Wednesday, April 27, 2016

University of Ottawa: Discrimination in the Name of Bilingualism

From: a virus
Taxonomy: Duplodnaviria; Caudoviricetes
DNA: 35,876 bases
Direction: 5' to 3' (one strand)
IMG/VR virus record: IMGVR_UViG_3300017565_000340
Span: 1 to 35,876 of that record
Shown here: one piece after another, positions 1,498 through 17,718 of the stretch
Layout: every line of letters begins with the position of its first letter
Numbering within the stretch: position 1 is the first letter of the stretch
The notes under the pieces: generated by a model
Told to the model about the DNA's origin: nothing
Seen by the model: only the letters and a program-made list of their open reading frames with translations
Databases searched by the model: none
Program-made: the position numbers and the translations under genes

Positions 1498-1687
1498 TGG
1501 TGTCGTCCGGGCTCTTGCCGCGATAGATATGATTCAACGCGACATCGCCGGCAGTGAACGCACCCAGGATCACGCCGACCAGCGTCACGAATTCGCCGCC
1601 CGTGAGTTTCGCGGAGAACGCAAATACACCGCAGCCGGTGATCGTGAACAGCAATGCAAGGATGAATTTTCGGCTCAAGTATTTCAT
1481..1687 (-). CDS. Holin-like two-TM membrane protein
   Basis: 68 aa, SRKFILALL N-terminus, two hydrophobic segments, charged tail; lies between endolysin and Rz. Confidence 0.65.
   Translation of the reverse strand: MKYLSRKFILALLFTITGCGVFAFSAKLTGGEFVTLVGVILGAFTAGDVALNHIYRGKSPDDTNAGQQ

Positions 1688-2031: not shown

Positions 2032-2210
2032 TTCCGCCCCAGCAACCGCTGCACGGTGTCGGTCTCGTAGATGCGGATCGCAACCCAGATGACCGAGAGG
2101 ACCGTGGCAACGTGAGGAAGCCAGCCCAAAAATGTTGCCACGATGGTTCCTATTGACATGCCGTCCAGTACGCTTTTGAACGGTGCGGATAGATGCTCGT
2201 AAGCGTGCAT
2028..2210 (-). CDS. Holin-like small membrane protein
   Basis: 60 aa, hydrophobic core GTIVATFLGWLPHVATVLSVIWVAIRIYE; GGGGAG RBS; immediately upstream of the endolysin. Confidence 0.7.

Bilingualism is important but not to the point of discrimination as is the recent case with the University of Ottawa and student James Lewicki. Lewicki wasn't accepted into the master of political science program because he's not able to take a course in French, which is a program requirement. However, students in the French stream of the poli sci graduate program aren't required to take a course in English. This is utter hypocrisy and highlights U of O's obsession with bilingualism, namely the French language. It is also compelling evidence that the university discriminates against people with disabilities. Lewicki, who has been diagnosed as gifted, has a severe form of dyslexia that prevents him from learning a second language. "English as a language in itself was very difficult," Lewicki told CBC. "I spent years with a tutor in a special classroom learning the language" ( As a result, he's filed a complaint with the Human Rights Tribunal of Ontario, writing, "This has affected my sense of dignity...For an individual who has struggled with this special identity all my life, this continued reinforcement has shaken my concept of myself and of my abilities" ( A university official suggested that Lewicki apply to a program that is "less stringent on bilingualism" ( "They can say 'Go somewhere else,' but turning someone away because of a disability and saying 'There are other options' is still discrimination," said Lewicki. "If you turn someone away because of the colour of their skin, or their gender, or identity, that's still discrimination, even if there's a store next door that would take them" ( A University of Ottawa spokesperson wrote an e-mail saying that the university "[did] not see this as an accommodation issue... [and that] Mr. Lewicki was not admitted... because he did not meet the essential admission requirements for the program" ( Renu Mandhane, chief commissioner of the Ontario Human Rights Commission, said, "What we see... time and time again is rigid requirements that unnecessarily exclude people. Quite honestly, human rights law trumps tradition. You have to articulate something that goes beyond, 'This is how we've always done it'" ( Under the law, a university can only discriminate against someone if it can prove that making accommodations would cause undue safety concerns or financial hardship. Lewicki said he faced discrimination months earlier, ironically while taking a human rights course. He has a physical disability called graphomotor disorder, which means he can't write by hand. "I'm allowed a laptop in classroom and during exams, as long as it's not connected to the Internet," he said. ( A professor, however, forbade anyone from using a laptop in his classroom. The Student Federation of the University of Ottawa said that the university is not "flexible" about better accommodating students with disabilities despite the Federation's efforts to "continuously" talk it ( Lewicki said that the university's refusal to accept his application will cost him a year of his life as he's missed his opportunity to apply to other schools for the fall. "To have them turn their back on me like this, to point at me and say, 'You're different and we won't let you in because of it' - that's an emotional blow" (

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